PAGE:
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Common Sleep Disorders


Narcolepsy is a neurological disorder that has been linked to reduced amounts of a neuropeptide called hypocretin in a specific part of the brain that is important in regulating the sleep-wake cycle. People with narcolepsy experience excessive daytime sleepiness and uncontrollable episodes of falling asleep during the day despite adequate sleep. These sudden sleep “attacks” may occur during any type of activity and at any time of day.

What are the symptoms of narcolepsy?
Those who suffer from narcolepsy experience excessive daytime sleepiness. Other symptoms may include episodes of sudden loss of muscle tone or weakness (cataplexy), a temporary inability to move during sleep-wake transitions (sleep paralysis), as well as sleep-related hallucinations and disturbed nighttime sleep.


How is narcolepsy diagnosed?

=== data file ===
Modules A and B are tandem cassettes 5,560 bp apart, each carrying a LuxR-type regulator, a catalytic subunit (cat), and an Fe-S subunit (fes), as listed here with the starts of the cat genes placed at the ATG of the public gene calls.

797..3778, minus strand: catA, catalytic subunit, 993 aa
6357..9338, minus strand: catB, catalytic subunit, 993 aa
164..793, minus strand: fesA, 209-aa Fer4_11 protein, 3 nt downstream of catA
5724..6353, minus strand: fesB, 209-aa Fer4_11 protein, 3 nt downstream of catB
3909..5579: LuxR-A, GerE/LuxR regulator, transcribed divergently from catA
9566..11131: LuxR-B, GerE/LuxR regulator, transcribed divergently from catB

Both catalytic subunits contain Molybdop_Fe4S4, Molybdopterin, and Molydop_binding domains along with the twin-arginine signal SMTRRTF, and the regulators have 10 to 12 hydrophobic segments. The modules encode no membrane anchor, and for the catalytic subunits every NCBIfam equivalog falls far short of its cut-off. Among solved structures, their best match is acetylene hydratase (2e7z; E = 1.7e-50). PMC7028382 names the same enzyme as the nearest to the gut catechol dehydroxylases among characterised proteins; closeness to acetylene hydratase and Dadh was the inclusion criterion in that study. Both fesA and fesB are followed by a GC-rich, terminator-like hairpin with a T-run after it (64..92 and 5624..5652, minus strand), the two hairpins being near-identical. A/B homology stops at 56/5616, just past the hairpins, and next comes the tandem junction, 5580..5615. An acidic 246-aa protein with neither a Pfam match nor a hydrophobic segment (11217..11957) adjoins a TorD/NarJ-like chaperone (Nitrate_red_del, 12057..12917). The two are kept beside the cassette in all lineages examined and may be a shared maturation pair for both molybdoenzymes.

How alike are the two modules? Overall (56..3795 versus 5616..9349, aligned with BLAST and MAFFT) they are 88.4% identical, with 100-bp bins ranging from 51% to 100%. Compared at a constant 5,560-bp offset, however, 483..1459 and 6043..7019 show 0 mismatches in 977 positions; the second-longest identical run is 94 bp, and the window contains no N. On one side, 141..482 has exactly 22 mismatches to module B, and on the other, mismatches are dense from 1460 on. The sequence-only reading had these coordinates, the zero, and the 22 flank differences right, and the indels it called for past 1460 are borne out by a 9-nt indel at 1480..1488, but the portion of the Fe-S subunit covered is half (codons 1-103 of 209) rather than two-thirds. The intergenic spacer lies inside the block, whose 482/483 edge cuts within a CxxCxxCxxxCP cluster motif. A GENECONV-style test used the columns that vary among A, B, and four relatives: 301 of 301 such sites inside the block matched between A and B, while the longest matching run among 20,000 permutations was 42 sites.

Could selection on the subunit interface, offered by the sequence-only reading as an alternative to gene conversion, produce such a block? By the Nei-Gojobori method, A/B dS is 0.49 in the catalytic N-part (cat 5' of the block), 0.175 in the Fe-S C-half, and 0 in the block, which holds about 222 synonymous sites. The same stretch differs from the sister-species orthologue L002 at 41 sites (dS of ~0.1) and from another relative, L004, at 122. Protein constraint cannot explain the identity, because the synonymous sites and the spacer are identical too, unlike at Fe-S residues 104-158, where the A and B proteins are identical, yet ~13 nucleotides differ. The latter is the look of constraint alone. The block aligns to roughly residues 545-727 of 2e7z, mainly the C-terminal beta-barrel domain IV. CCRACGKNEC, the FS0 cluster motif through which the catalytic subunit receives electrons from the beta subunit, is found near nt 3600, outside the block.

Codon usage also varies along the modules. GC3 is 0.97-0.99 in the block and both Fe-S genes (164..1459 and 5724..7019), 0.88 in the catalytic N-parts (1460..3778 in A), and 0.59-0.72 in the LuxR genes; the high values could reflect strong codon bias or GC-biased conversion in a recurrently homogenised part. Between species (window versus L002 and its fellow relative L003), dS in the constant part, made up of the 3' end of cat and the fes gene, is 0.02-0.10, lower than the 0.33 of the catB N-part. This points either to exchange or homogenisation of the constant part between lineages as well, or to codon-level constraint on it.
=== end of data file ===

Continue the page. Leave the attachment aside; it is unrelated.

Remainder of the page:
The diagnosis of narcolepsy is made after performing a detailed medical and sleep history and physical exam. Two sleep lab tests that are usually required include a polysomnogram (PSG) and multiple sleep latency test (MSLT).


A PSG is an overnight study that takes continuous measurements to document sleep cycle abnormalities such as rapid eye movement (REM) disturbances. The MSLT is a daytime test of five short naps that are
scheduled two hours apart, which measures a person’s tendency to fall asleep. The MSLT determines whether isolated elements of REM sleep intrude at inappropriate times during the waking hours.


How is narcolepsy treated?
Treatment is aimed at improving alertness during the desired time of day, based on your needs and lifestyle. It is possible to maximize your quality of sleep by following good sleep habits, including:
• maintaining a regular sleep-wake schedule
• not staying up late on weekends
• avoiding alcohol and other central nervous system depressants
• modifying work and school schedules
• taking short naps to avoid unintentional sleep attacks
• using moderate amounts of caffeine to stay alert as needed 

• operating motor vehicles and heavy equipment with extreme caution and only when approved by your doctor.

Medications are used to treat daytime sleepiness, cataplexy, sleep-related hallucinations and disturbed nocturnal sleep.